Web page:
Claude Cassirer, an 88-year-old San Diego photographer, won an US Appeals court ruling that will allow his restitution case against the Thyssen-Bornemsiza Museum to move forward once a judge rules whether he has to sue in Spain or Germany first to have his mother’s Pissarro returned, according to the LA Times’s Mike Boehm:
In the suit he filed more than four years ago, Cassirer (left) said he learned in 2000 that “Rue Saint-Honore, Apres-Midi, Effet de Puie,” the Pissarro his grandmother, Lilly Cassirer, had sold under duress to an art dealer working for the Nazis, was hanging in the Thyssen-Bornemisza Museum. The museum opened in 1992 as a collaboration between the Spanish government and Baron Hans Heinrich Thyssen-Bornemisza, a resident of Switzerland. In 1993, Spain bought the baron’s 775-painting collection for $338 million, according to the museum’s website.
Cassirer’s suit says that the Nazis sold the disputed Pissarro at auction in 1943, and that by 1976, it had been sold at least two more times. Then, Thyssen-Bornemisza bought it from an art dealer.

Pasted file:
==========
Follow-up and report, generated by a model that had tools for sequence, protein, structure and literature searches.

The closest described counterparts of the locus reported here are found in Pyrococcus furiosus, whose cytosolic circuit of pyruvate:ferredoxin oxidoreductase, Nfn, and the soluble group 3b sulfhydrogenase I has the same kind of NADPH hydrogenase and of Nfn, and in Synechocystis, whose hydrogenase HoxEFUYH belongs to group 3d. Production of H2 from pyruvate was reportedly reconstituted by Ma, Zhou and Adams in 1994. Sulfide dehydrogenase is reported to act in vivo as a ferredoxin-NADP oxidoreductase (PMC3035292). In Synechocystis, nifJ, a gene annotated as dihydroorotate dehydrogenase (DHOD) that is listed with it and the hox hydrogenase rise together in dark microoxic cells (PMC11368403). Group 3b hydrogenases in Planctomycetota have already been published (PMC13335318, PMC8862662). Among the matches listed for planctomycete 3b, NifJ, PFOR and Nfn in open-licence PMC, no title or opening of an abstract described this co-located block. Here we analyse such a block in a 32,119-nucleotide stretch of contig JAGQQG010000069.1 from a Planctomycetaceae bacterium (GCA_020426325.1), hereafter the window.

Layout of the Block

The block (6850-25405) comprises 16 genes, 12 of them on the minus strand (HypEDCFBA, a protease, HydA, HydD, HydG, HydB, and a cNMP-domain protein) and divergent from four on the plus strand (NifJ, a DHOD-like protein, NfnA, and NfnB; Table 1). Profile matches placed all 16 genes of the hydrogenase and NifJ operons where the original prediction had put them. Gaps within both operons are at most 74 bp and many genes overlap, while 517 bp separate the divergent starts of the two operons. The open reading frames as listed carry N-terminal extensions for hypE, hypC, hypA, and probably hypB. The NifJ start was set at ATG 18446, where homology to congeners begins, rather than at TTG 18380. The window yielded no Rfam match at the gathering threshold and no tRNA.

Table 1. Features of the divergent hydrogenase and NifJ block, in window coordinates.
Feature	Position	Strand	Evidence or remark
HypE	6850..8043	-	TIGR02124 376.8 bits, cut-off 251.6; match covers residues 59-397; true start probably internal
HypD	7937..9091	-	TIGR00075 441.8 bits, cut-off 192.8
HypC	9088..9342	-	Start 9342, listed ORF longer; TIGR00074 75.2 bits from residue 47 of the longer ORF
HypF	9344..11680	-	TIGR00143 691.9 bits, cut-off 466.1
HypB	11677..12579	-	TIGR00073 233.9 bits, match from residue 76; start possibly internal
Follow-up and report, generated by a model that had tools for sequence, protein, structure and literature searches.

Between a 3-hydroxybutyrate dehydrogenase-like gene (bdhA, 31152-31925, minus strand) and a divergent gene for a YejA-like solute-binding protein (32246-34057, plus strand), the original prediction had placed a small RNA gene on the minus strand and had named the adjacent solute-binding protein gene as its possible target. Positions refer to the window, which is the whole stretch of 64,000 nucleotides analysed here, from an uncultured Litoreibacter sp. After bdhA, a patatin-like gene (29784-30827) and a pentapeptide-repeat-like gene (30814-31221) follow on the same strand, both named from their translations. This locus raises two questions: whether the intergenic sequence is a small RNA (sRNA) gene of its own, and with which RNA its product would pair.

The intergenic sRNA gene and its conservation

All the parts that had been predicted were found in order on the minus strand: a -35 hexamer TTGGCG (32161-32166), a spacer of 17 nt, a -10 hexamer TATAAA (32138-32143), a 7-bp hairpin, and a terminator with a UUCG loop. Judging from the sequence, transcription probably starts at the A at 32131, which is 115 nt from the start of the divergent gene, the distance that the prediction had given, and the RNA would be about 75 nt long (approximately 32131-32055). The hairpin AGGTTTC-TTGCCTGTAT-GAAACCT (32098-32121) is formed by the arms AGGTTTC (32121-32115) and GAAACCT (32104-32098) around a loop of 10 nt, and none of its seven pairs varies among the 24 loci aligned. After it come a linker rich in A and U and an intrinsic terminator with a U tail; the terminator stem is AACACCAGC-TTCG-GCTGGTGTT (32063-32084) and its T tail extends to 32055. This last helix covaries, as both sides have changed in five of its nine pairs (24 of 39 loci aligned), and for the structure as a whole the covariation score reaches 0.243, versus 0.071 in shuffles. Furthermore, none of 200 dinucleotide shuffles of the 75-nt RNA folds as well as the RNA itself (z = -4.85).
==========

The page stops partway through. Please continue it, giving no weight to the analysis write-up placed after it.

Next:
Meanwhile, Bloomberg reports that Sweden’s Moderna Museet has settled with the heirs of Otto Nathan Deutsch who lay claim to an Emil Nolde flower painting in the museum’s collection. The settlement came about when a private collector agreed to buy the painting and leave it on loan to the museum for five years. Afterwards, the collector will loan other paintings to the museum in place of the Nolde. No price was disclosed but the painting has been previously valued at $4m.
In a third item, The Art Newspaper reports that a woman claiming ownership of two Oskar Kokoschka paintings, Claudi Seger-Thomshitz, lost in Louisiana Federal court:
A federal court in New Orleans has rejected a Nazi-loot claim brought against a woman whose family has owned a painting by Oskar Kokoschka since 1946. In July, the federal district court for the Eastern District of Louisiana ruled that Sarah Blodgett Dunbar was the rightful owner of Kokoschka’s Portrait of a Youth, 1910, finding against Claudia Seger-Thomschitz of Austria. In May, the same claimant lost a similar lawsuit for a painting by Kokoschka—Two Nudes (Lovers), 1913—at the Museum of Fine Arts (MFA), Boston.
San Diegan Advances in Bid to Win Return of Nazi-looted Painting (Culture Monster/LA Times)
Jewish Heirs, Sweden Settle 7-Year Feud Over Nazi-Looted Nolde (Bloomberg)
Second Kokoschka Nazi Loot Claim Rejected (The Art Newspaper)